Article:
Moral beliefs

Guest Post: Are dilemmas really useful for analysing moral judgment?

Pedro Jesús Pérez Zafrilla.

Lecturer in Moral Philosophy.

Department of Moral Philosophy.

(University of Valencia)

The development of neurosciences has had a major impact on the field of philosophy. In this respect, Spanish philosophy is no exception. In particular, the Valencia School led by Adela Cortina has played a leading part in the momentum of neuroethics in Spain. Our research has included the tackling of various areas such as human enhancement, free will or moral psychology. My intention in this post is to briefly present a critique referring to cognitive psychology. Specifically, I want to argue that moral dilemmas are not an appropriate method of analysing moral judgment. In my opinion dilemmas are misrepresentations of the way in which people form their moral judgments. Continue reading

Paracetamol Can Soften Our Moral Reactions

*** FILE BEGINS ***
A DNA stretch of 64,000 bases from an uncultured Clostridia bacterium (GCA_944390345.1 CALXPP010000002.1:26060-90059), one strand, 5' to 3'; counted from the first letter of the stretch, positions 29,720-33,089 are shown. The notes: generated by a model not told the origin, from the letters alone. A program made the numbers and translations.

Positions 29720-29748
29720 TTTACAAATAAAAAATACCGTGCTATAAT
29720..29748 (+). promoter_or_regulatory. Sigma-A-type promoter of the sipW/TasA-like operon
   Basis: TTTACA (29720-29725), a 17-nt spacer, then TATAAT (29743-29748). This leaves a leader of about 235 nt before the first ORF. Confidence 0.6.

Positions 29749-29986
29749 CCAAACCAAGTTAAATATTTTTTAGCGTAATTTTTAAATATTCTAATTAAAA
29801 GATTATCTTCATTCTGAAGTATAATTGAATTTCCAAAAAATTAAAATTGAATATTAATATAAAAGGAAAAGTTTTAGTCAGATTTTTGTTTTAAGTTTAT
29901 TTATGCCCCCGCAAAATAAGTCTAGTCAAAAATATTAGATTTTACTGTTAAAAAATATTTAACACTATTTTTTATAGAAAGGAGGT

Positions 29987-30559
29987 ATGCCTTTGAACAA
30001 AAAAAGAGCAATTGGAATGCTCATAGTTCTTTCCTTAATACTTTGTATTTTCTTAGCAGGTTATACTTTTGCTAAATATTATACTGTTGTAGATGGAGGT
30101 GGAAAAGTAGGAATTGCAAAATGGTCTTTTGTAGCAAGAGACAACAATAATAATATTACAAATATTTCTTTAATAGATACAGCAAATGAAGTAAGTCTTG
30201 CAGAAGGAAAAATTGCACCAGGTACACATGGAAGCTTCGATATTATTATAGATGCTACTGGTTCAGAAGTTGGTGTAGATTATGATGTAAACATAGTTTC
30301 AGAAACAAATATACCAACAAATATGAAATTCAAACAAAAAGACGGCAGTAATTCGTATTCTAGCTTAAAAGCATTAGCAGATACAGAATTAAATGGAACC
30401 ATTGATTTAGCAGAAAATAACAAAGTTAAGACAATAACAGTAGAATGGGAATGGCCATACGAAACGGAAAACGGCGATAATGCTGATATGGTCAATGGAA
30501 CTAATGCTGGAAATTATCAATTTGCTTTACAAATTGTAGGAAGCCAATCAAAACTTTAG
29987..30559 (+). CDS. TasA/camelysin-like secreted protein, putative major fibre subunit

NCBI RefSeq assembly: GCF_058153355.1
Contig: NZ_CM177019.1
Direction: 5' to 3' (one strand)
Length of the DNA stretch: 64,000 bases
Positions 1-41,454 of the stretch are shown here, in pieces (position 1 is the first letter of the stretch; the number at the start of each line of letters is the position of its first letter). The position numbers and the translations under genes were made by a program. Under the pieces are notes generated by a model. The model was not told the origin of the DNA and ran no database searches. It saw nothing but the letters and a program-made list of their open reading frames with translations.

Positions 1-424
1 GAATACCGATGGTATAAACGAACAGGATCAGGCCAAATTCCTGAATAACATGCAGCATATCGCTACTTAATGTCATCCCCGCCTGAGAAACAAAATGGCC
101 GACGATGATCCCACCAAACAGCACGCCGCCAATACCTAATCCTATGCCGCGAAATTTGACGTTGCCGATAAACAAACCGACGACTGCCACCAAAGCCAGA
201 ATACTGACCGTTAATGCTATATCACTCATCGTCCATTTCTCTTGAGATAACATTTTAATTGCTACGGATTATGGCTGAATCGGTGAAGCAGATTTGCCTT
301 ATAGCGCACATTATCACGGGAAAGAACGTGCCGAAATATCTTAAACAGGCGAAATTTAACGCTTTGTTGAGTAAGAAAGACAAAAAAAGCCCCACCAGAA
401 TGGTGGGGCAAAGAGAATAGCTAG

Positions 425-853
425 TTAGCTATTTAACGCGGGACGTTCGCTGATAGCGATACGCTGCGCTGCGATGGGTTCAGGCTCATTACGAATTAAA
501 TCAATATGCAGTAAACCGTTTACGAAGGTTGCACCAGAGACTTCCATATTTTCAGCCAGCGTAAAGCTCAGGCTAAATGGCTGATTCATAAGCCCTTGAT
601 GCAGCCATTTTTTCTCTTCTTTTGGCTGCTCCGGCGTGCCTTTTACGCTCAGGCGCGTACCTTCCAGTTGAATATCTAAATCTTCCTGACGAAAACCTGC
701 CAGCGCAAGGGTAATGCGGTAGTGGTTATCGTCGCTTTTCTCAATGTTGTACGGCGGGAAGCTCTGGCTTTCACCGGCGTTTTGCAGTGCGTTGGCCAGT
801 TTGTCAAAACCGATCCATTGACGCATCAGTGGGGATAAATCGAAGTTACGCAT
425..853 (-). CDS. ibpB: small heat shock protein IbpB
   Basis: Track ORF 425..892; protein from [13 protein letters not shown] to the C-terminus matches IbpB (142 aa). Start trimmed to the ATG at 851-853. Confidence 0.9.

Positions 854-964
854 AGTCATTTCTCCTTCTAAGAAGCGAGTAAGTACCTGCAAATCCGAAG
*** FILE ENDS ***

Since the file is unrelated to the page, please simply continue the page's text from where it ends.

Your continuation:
Our moral reactions are easily influenced by a variety of factors. One of them is anxiety. When people are confronted with disturbing experiences like mortality salience (i.e., being made aware of their own eventual death), they tend to affirm their moral beliefs. As a result, they feel inclined to punish moral transgression more harshly than they would without feeling fundamentally threatened. For example, in a now classical study people who objected to prostitution were asked to suggest a penalty for a woman arrested for prostitution. Participants who were led to reflect on their own mortality beforehand proposed a far higher bail than participants who thought about a less anxiety inducing topic. Such belief affirmation effects can also be evoked by psychologically disturbing experiences less severe than mortality salience. Hence, anxiety aroused by different situations can make our moral reactions more pronounced.

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